|Photograph: Alex Wong/Getty Images|
US heading for point when 'military pursuit of al-Qaida should end
Fight against terrorist group on course for Obama to stop using legal authority given by Congress to wage war, says lawyer
The Guardian, Friday 30 November 2012 14.04 EST
US defence department general counsel, Jeh Johnson, says responsibility for tackling al-Qaida should pass to the police and other law enforcement agencies when the 'tipping point' in pursuit of group is reached.
The US is heading for a "tipping point" beyond which it should no longer pursue al-Qaida terrorists by military means, one of the Obama administration's most senior lawyers has said.
Jeh Johnson suggested the group would become so degraded that a time would come when the legal authority given to the White House by Congress should no longer be used to justify waging the war that has been fought since 2001.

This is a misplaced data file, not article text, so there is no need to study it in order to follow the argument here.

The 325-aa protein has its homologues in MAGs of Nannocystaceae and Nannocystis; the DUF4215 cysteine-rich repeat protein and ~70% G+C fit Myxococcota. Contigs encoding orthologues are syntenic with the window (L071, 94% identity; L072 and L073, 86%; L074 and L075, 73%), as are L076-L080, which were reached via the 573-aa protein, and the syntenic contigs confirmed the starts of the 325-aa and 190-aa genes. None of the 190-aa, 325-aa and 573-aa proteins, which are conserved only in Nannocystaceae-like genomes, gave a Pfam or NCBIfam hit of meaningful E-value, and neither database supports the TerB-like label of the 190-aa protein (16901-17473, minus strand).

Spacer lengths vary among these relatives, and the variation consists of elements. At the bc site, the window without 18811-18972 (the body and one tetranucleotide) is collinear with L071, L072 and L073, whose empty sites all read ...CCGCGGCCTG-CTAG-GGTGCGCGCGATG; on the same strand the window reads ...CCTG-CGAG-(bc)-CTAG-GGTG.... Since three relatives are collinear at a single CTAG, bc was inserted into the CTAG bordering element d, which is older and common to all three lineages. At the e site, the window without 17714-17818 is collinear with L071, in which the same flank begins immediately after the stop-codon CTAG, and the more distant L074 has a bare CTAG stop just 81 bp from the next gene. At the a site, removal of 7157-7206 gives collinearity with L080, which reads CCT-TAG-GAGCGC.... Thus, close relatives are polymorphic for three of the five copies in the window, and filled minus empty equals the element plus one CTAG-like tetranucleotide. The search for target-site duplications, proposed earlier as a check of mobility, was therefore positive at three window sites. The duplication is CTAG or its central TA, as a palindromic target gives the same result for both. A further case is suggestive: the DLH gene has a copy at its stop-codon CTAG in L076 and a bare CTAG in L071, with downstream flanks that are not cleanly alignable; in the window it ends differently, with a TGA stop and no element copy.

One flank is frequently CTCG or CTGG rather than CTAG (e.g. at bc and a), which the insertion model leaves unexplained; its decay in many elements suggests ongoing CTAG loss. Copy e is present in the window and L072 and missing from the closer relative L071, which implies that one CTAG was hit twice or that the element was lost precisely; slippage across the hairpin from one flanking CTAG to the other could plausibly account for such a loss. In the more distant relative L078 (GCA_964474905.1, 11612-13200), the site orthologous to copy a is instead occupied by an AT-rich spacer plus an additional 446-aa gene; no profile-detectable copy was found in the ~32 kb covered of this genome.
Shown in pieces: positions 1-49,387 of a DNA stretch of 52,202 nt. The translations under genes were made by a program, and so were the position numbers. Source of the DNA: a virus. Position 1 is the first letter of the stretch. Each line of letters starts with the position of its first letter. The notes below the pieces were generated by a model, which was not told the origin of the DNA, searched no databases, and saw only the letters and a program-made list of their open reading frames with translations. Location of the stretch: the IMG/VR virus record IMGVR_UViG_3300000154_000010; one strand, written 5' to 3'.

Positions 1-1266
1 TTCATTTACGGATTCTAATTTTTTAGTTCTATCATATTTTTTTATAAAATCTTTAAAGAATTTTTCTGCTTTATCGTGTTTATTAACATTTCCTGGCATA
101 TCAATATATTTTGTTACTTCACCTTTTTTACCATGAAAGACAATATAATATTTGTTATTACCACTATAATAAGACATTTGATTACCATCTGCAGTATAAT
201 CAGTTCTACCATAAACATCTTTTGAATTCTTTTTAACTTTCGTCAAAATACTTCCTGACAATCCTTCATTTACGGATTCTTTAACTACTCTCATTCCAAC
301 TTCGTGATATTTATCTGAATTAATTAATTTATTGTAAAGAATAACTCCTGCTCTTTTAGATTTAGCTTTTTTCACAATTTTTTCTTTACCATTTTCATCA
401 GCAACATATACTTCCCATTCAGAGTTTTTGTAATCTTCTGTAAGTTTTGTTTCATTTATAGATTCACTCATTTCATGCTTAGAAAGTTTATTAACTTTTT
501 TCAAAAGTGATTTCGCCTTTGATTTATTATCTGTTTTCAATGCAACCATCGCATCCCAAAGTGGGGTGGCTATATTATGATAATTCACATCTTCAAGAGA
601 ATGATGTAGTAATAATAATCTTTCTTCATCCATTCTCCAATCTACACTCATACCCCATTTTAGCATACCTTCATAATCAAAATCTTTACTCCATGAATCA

Johnson said that when this happened, America had to "be able to say ... that our efforts should no longer be considered an armed conflict against al-Qaida and its affiliates".
Instead, the responsibility for tackling al-Qaida should pass to the police and other law enforcement agencies.
Johnson has been general counsel at the US defence department for the past four years and has given advice on every military operation that needs the approval of the president or defence secretary.
In a speech presented tonight in the UK, Johnson was expected to set out the legal principles underpinning the conflict against al-Qaida and insisted they were rooted in domestic and international law. Congress had authorised the president to use "all necessary and appropriate force" against the nations, organisations and individuals responsible for the 9/11 attacks; the US supreme court had endorsed this in 2006 by ruling "our efforts against al-Qaida may be properly viewed as armed conflict".
But Johnson also made clear these principles were not open-ended, and that the US government would need to respond when circumstances change. And though he said he could not predict when the conflict would draw to a close, he said the US must not be afraid to change its tactics.